Based on a tale by Lee Standiford, The Man Who Invented Christmas shows us how Charles Dickens reinvigorated both the holiday season and his own reputation when he wrote and published A Christmas Carol.
Dan Stevens plays Dickens, who we first meet during a bit of a lean spell. He still has a good name, and fans, but he has not had a hit in some time, meaning that money is a bit tight in the Dickens household. Not that you would know that, as it continues to be spent on things that show the Dickens family to be better off than they actually are. Desperate for an injection of finances, and inspired by the influences of one or two characters around him, Dickens comes up with the idea of a Christmas tale that will save him from bankruptcy, if he gets it published in time.
Written by Susan Coyne and directed by Bharat Nalluri, this is a film that works beautifully from start to finish. The more I think about it, the more enjoyable I realise it was. It manages to paint a broad, and maybe not entirely accurate, picture of a certain time in the life of the celebrated author, yet it also manages to present the main events of A Christmas Carol in a way that is both familiar and a bit different from previous interpretations. Classic moments are presented, but they're either in the context of being imagined by Dickens as he crafts the tale, being intertwined with his own memories, or simply taking place around him, ready for his writer's mind to store them for later use. It's a great approach to the material, with the script full of many fun references and gags, and Nalluri ensuring that every scene is handsomely-mounted and up to the standards of any decent telling of the central tale.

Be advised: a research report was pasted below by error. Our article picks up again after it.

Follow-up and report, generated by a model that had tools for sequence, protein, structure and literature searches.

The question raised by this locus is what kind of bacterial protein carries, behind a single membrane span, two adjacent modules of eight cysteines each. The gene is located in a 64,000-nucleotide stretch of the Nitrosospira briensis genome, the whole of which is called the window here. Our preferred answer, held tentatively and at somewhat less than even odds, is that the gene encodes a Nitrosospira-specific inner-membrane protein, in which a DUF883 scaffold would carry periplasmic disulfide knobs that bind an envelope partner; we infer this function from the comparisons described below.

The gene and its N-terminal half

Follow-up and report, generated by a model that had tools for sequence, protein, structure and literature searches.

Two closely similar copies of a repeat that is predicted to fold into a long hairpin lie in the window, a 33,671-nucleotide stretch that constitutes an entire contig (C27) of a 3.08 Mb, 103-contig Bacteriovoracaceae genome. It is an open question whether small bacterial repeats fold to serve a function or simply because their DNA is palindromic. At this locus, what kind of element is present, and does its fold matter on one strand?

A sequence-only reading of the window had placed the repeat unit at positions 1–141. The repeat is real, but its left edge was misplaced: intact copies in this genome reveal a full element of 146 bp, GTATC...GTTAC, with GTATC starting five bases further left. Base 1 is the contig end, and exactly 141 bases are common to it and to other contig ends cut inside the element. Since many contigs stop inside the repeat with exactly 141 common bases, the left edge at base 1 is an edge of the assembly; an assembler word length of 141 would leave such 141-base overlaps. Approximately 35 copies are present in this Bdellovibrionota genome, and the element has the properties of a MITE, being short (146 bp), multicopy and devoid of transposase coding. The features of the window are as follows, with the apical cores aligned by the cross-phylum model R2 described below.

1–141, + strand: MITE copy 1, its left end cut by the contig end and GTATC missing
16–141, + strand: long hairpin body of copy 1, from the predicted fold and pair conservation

Stevens is superb in the main role, as desperate to find the thread of his latest story as he is for an upturn in his finances, and he's surrounded by a wonderful assortment of players. Small roles for the likes of Miles Jupp (playing William Thackeray) and Bill Forsythe (a man who provides a couple of famous lines usually uttered by Scrooge) complement strong turns from Justin Edwards (as John Forster, close friend to Dickens), Jonathan Pryce (father to the author, and a man who seems incapable of managing his own finances, having previously erred so badly that it gave his son a lifetime of insecurity and fear), and Anna Murphy (Tara, a maid who provides the inspiration for the new work being a Christmas tale). Morfydd Clark (Kate Dickens), Miriam Margolyes (head housekeeper, Mrs. Fisk), and Simon Callow (as an illustrator) are also worth mentioning, as is Christopher Plummer, who lands himself the prize role of Ebenezer Scrooge, an imaginary creation who comes to life and is honed into the figure we all know during many conversations with his creator.
I wouldn't take anything here as a factual account of the life of Dickens but it provides a nice overview of the man, reinforces the impact that his classic tale had, and also proves interesting enough that those wanting to know more about Dickens will, hopefully, seek out some more material that provides more facts than fiction. This is a delightful story, pure and simple, that makes perfect use of a central figure known for giving us some delightful stories.
You can buy the disc here.
Americans can buy it here.